You are hereHis name is Sam
His name is Sam
by Virgil Vaduva
There is a perception I have that smoking cigars and discussing theology is a mix that God is somehow present in; the smoke of premium, hand-rolled cigars rolling up to the heavens must be reminding God of the good aroma of temple sacrifices, prompting him to descend and participate in the conversation. There is a verse somewhere supporting that, isn’t it?
Today I walked into the cigar store to spend some time reading and meditating, but after about an hour someone sat down close by and started discussing with someone else the book I gave to the storeowner earlier which was likely laying on the counter, A New Kind of Christianity by Brian McLaren. As I was also reading the same book, I interjected and asked what his objections were – I couldn’t understand how a 200-page book could be critiqued after a minute of examination.
Sam, the older African-American man explained to me that the chapter on Who is Jesus? was way off, and that McLaren is not teaching solid, biblical theology. He was clearly familiar with who Brian was so I did not want to wander in a debate over Brian McLaren. Instead I started talking to him trying to find out what really is the source of his antipathy; but despite my efforts, I could not connect with Sam at all. I found that everything I was saying was subjected by Sam to an If/Then conditional analysis, in that I would make a statement, Sam would compare it with his paradigm, then say that he agrees or disagrees with it. The truth is that I really was not interested in whether or not this man agreed or disagreed with what I was saying – I was simply interested in talking to him.
After about 30 minutes, the nicotine finally kicked in, and after being grilled on what I believe about the Bible we finally sort of connected; I shared with him my story, I told him about the problems I see with western Christianity and I encouraged him to look at me based on what we have in common rather than where we differ. Sam shared with me some of his story, his love for John MacArthur, and his previous hate of white men telling him about Christ. I asked him if he sees the arrogance and the imperialism in western evangelical Christianity, and he said he does. I even told Sam about the wonderful news of the Kingdom of God being a reality, something within his grasp, but he rejected it in favor of a depraved present world but a positive future judgment and bodily resurrection, which he told me, is the good news of the Gospel.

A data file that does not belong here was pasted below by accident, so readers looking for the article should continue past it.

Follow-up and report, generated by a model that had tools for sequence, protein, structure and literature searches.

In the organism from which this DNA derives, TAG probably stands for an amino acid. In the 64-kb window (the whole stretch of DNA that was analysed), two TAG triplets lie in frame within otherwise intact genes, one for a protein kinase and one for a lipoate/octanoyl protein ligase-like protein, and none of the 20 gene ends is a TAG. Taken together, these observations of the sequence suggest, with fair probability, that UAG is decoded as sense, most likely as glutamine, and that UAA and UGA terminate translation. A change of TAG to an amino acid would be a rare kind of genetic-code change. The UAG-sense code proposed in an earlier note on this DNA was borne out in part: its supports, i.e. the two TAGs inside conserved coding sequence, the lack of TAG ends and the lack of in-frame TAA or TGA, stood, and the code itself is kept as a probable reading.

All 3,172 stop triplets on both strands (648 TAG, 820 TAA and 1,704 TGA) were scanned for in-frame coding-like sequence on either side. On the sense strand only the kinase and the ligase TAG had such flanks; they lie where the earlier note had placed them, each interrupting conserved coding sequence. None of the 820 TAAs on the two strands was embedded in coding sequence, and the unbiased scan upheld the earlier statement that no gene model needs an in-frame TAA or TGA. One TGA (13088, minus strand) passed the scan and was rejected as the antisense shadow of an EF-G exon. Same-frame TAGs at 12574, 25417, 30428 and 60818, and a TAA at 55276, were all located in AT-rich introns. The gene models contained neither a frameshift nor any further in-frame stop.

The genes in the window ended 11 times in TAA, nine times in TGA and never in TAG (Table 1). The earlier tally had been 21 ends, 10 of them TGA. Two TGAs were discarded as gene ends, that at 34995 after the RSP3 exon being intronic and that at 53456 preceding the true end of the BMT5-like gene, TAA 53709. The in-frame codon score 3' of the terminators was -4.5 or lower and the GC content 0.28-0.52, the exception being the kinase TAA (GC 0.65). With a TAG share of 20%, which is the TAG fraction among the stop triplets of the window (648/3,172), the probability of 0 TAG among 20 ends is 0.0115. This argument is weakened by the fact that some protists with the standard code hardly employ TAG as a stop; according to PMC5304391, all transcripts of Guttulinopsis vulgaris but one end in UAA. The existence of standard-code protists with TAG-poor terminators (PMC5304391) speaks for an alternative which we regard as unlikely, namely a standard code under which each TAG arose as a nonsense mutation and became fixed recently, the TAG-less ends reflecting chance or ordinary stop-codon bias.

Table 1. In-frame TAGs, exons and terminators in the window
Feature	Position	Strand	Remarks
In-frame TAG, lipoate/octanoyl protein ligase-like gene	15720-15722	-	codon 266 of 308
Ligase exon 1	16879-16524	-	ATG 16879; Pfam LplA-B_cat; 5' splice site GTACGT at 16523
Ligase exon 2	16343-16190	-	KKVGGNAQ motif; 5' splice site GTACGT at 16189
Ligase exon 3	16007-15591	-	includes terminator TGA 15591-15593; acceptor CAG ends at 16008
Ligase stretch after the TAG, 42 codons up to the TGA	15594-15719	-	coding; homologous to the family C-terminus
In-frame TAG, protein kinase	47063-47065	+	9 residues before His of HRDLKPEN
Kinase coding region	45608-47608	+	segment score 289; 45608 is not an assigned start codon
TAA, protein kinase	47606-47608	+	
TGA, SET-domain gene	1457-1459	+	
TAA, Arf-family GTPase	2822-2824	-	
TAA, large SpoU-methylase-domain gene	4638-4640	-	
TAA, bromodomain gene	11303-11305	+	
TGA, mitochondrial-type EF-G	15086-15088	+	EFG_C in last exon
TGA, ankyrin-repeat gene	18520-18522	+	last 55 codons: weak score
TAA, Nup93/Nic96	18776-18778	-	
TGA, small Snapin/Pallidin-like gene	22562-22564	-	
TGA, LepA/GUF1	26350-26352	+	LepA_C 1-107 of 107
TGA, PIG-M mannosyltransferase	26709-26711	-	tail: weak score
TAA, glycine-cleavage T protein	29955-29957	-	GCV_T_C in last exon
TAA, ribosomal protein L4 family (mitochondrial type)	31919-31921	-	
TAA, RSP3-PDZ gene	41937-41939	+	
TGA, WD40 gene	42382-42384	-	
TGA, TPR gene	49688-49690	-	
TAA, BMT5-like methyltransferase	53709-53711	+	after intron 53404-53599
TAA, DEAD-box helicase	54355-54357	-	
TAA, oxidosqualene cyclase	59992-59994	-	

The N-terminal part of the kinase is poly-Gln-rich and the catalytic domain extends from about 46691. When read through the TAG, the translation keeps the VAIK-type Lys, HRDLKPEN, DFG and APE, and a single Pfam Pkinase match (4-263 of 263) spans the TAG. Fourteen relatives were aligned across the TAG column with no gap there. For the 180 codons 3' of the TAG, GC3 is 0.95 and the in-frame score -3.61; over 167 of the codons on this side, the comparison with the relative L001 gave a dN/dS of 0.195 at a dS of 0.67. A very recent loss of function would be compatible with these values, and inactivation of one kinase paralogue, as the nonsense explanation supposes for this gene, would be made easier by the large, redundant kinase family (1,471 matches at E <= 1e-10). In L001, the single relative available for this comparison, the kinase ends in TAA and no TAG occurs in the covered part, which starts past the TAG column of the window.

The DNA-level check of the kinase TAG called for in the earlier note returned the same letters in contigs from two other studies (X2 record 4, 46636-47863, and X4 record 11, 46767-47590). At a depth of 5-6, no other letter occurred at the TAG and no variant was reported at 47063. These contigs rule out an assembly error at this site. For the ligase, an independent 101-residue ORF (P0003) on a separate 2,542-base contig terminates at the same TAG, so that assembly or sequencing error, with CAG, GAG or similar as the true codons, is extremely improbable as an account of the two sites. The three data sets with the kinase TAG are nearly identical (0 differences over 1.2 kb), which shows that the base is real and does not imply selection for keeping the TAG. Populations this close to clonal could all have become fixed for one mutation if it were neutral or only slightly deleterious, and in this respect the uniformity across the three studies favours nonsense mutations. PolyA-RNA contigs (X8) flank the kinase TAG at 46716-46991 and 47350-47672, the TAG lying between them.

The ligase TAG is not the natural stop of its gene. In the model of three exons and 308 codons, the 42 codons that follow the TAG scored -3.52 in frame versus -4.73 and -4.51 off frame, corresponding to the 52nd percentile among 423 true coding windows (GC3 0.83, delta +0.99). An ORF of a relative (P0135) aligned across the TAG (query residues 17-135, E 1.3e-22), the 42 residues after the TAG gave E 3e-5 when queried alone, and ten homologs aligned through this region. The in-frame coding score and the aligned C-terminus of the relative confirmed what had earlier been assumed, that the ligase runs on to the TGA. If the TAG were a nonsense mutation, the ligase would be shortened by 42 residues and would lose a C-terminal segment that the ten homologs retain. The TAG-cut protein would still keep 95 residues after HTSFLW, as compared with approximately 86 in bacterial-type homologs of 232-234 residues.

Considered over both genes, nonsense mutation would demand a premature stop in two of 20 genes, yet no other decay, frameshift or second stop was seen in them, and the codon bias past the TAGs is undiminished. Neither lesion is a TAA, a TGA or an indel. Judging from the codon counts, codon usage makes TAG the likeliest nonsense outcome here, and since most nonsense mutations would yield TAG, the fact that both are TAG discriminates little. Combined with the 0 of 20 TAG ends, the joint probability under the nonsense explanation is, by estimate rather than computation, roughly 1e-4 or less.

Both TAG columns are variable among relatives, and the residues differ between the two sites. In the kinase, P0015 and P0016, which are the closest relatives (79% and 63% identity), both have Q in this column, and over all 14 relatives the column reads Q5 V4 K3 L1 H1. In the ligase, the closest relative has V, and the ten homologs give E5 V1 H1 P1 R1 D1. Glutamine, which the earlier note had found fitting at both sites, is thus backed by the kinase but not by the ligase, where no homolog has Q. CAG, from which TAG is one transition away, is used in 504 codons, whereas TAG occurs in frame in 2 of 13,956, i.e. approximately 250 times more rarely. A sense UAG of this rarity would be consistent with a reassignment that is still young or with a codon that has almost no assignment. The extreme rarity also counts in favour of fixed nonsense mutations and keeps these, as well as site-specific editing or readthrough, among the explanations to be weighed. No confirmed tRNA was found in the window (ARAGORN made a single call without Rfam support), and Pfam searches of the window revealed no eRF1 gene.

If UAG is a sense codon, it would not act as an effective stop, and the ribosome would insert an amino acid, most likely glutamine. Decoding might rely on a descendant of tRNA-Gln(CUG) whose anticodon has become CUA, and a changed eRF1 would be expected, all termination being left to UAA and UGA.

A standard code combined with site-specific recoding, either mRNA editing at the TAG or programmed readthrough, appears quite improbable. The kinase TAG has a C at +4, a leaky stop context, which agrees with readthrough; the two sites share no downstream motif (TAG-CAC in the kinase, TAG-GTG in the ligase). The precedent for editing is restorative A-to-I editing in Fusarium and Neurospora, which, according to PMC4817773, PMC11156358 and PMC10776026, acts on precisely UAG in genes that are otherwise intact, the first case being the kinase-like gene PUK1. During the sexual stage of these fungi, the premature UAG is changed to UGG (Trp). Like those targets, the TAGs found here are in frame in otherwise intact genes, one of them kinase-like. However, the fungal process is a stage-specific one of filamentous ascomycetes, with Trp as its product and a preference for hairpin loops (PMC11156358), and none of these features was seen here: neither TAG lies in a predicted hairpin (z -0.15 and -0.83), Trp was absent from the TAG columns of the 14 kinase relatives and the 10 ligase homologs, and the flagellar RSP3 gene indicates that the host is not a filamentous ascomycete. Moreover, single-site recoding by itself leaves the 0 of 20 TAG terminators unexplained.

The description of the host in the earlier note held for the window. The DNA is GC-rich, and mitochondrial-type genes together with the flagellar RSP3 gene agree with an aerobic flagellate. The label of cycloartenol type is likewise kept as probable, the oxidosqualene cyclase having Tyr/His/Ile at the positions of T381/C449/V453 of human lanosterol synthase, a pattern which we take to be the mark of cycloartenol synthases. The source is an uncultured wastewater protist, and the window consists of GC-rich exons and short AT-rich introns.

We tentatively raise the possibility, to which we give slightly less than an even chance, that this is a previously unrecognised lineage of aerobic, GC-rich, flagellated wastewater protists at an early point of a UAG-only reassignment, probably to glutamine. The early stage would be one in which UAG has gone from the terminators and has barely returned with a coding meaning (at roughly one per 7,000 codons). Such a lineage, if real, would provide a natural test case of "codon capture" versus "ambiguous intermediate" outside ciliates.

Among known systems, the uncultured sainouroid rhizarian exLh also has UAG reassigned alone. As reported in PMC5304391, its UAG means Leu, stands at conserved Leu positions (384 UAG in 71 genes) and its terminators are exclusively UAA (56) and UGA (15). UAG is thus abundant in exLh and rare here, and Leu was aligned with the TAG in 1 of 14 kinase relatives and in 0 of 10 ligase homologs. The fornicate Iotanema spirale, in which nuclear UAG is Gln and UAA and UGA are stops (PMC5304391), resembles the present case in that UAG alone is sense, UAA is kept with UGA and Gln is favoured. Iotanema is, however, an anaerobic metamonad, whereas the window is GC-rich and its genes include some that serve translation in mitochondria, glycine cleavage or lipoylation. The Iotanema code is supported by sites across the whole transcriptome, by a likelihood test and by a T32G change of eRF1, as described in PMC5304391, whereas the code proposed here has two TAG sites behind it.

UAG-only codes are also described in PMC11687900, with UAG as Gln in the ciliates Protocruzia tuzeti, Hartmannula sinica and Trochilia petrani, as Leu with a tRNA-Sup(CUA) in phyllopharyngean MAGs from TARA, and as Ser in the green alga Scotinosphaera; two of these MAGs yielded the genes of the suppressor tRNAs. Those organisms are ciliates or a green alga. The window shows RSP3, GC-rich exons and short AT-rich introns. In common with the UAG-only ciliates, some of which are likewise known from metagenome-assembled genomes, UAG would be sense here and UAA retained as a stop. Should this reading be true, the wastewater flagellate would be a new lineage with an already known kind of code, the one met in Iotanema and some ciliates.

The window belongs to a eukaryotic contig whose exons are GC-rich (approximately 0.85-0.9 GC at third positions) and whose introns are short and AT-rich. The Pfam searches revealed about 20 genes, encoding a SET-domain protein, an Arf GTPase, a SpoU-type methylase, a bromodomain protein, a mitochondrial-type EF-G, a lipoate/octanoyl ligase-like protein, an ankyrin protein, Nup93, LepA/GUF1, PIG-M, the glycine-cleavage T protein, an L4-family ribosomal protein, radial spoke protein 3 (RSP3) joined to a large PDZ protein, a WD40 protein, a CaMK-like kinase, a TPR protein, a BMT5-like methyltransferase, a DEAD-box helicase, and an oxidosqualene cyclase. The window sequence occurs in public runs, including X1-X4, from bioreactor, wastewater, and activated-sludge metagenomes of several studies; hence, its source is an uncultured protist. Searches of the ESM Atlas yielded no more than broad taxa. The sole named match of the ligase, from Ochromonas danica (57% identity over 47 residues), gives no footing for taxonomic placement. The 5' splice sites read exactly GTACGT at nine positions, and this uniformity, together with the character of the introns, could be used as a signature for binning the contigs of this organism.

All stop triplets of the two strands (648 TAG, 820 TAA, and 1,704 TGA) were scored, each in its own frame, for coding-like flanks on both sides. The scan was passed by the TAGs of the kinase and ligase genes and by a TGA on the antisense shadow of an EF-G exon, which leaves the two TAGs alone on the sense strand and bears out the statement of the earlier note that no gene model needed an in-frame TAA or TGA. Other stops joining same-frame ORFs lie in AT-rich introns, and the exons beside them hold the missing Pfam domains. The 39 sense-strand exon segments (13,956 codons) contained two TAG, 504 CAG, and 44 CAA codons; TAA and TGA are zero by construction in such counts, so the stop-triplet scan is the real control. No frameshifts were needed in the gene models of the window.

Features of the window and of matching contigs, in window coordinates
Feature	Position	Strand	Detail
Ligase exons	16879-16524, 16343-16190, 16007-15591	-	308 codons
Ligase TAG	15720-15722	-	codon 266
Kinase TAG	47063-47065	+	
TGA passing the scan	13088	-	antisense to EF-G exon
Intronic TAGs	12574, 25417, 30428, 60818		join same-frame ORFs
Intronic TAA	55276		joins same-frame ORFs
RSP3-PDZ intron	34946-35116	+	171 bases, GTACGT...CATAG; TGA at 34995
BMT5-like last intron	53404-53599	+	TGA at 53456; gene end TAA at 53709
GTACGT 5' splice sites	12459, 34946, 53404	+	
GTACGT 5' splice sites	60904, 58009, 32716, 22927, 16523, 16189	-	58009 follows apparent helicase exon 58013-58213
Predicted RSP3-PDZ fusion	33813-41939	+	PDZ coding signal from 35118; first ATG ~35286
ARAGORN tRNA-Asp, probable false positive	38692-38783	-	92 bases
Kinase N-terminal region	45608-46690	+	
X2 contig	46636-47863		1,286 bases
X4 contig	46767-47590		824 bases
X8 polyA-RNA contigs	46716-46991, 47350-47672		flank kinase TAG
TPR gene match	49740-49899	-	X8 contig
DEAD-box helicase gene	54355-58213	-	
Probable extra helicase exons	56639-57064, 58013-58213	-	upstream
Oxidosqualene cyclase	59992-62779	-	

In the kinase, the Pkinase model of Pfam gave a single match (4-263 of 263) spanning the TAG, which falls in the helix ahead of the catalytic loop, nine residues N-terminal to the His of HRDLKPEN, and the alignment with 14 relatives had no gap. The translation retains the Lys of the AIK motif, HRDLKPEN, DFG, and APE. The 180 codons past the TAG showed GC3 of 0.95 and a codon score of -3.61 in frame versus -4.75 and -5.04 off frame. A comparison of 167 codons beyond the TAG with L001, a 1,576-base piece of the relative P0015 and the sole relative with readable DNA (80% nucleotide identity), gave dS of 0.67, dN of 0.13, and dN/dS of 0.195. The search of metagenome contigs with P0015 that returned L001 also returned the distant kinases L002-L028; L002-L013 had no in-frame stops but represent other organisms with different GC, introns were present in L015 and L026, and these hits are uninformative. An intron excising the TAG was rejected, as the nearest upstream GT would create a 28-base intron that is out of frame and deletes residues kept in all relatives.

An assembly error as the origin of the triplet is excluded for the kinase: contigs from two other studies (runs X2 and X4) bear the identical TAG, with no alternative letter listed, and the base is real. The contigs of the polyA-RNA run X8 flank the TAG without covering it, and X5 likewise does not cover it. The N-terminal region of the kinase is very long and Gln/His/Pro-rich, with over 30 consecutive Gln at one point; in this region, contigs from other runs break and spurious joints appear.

We ended up having a great conversation and exchanged some opinions, but somehow I still felt disconnected; I never really, really connected with the guy. I realized that Sam and I operate on two completely different levels. Sam’s world is that of modernity, the world of John MacArthur, one of neatly organized doctrinal points where a person either is in or out, saved or damned, where very little happens outside of the well-established game rules, the world where Sam feels the need to tell me how things are, or at least how things should be. My world is a bit more chaotic, a world where everything is questioned, re analyzed constantly, where anything goes and very little stays the same, where I don’t really feel the need to convince Sam that he is right or wrong, or that he is saved or damned to hell for eternity, where I don’t subject someone to a set of questions before conversing with him.
Today’s conversation with Sam really opened up my eyes to how far off I have walked from evangelical Christianity, and my friends, that makes me very happy; but it also makes me sad. Sam is obviously a good man, his love for God was tangible and real, he had passion about his faith and about what he believed; I can no longer connect with someone like Sam, at least not well – even if we try, we end up talking past each other more than to each other. And that is sad and frustrating; despite the embrace I gave him when he left.
I am not writing this to claim that I am better or superior in my approach than Sam, that is far from it; I am just writing about it to illustrate the generational shift taking place within the Church, something which perhaps confirms Phyllis Tickle’s claim that we are in the middle of a Great Emergence, a new reformation or perhaps self-assessment of the Church, where we sit back, sifting through what we’ve accumulated over the past 500 years, deciding what to keep and what to toss out. One thing is for sure; we cannot continue the way of Sam and expect our message to be viable; note that I said, our message, not Christ’s message.
And the identity of the message is really the key here; the modern church is slowly losing viability over the requirements it places on those walking in, while the “emergent church” (whatever you want that to mean) doesn’t object to being full of hypocrites, liars, adulterers, prostitutes, homosexuals and degenerates – yes, with people like me. It’s message before change, not change before message – embrace of all men, not conditional interaction.
His name is Sam; I hope I see him again – next time I’ll start with the embrace.